Is the luxury brand logo making a comeback, or can design and quality speak for themselves when it comes to luxury?
Following the hyper-branded era of the noughties, when luxury brands such as Burberry and Louis Vuitton did not hold back on splashing their logos across goods, recent trends in the luxury market lean towards subtle signifiers, with quality and design speaking for themselves.
Louis Vuitton, famous for their leather goods, went through a period of plastering their LV monogram across every possible surface in an attempt to make products instantly recognisable as theirs. Recently, however, Louis Vuitton have changed tack, reserving the signature stamp used only on limited edition goods. Decreasing availability means increasing exclusively, and in the luxury sector, this means increasing demand. Furthermore, the brand has refreshed its logo in line with the recent multi-sensory exhibition Series 3 in London last month. The resurrected monogram logo is clean, slick and most importantly, used only on high-end leather goods, as opposed to entry price products.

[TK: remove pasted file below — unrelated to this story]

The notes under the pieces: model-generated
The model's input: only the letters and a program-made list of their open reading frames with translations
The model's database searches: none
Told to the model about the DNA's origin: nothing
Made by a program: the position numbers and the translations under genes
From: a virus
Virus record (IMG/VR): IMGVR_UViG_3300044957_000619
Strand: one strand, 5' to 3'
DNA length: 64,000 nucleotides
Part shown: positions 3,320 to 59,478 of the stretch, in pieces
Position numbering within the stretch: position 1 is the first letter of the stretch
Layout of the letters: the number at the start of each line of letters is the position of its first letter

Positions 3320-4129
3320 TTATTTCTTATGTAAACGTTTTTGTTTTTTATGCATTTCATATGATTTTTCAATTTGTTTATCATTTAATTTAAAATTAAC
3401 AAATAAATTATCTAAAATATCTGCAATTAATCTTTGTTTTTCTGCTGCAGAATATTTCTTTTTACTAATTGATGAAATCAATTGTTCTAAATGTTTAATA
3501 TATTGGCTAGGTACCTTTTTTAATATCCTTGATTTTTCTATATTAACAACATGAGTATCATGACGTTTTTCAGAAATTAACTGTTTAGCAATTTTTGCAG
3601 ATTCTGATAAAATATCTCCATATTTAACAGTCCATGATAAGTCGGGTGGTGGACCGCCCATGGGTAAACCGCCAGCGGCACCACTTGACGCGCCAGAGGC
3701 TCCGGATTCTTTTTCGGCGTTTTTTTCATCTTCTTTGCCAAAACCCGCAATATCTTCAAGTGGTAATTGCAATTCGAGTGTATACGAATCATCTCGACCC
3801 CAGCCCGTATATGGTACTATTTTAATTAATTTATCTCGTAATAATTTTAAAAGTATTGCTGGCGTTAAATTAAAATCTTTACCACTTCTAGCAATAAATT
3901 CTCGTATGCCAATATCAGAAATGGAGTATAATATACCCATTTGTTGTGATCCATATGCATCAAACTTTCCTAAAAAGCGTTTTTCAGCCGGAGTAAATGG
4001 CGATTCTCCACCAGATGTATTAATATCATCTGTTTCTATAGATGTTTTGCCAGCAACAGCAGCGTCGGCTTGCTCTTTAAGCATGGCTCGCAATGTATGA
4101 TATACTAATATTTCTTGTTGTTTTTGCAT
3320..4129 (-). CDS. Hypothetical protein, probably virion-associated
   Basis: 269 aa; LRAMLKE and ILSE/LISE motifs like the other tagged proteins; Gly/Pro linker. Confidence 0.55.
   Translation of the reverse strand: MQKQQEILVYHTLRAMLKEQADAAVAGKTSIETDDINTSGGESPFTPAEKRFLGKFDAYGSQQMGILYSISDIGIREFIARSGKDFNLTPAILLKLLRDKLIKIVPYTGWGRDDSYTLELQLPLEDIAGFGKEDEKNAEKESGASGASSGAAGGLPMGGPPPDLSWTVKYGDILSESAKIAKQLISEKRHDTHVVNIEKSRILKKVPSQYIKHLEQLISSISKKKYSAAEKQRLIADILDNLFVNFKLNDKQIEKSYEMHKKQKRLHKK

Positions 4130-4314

Here at Underscore we believe that although the logo is extremely important as an instant signifier for a brand, for a higher-end brand less is definitely more. ‘Stealth signifiers’ rely on the quality of design to speak for itself rather than shout at you. One of our recent clients, the contemporary bespoke coffee roaster Purssells London, has adopted a premium logo that subtly reflects their premium product.
With Purssells looking to delve into the premium market, we approached the brand’s visual identity by building it up from a micro level and concentrating on the details; a bespoke product is all about these subtle but significant differences. We started by pairing a sophisticated serif font with a craftsman-influenced sans-serif font to simultaneously bring a heritage and contemporary feel that is unique to them. The precise and elegant brand mark was then designed to reference the superb craftsmanship of baristas the world over and the heritage of the company’s 19th century coffeehouse namesake. It is a mark that will not overpower, just like the examples above, instead acting as a subtle but instant signifier that will help significantly as Purssells London continues to rise to the forefront of the premium coffee industry.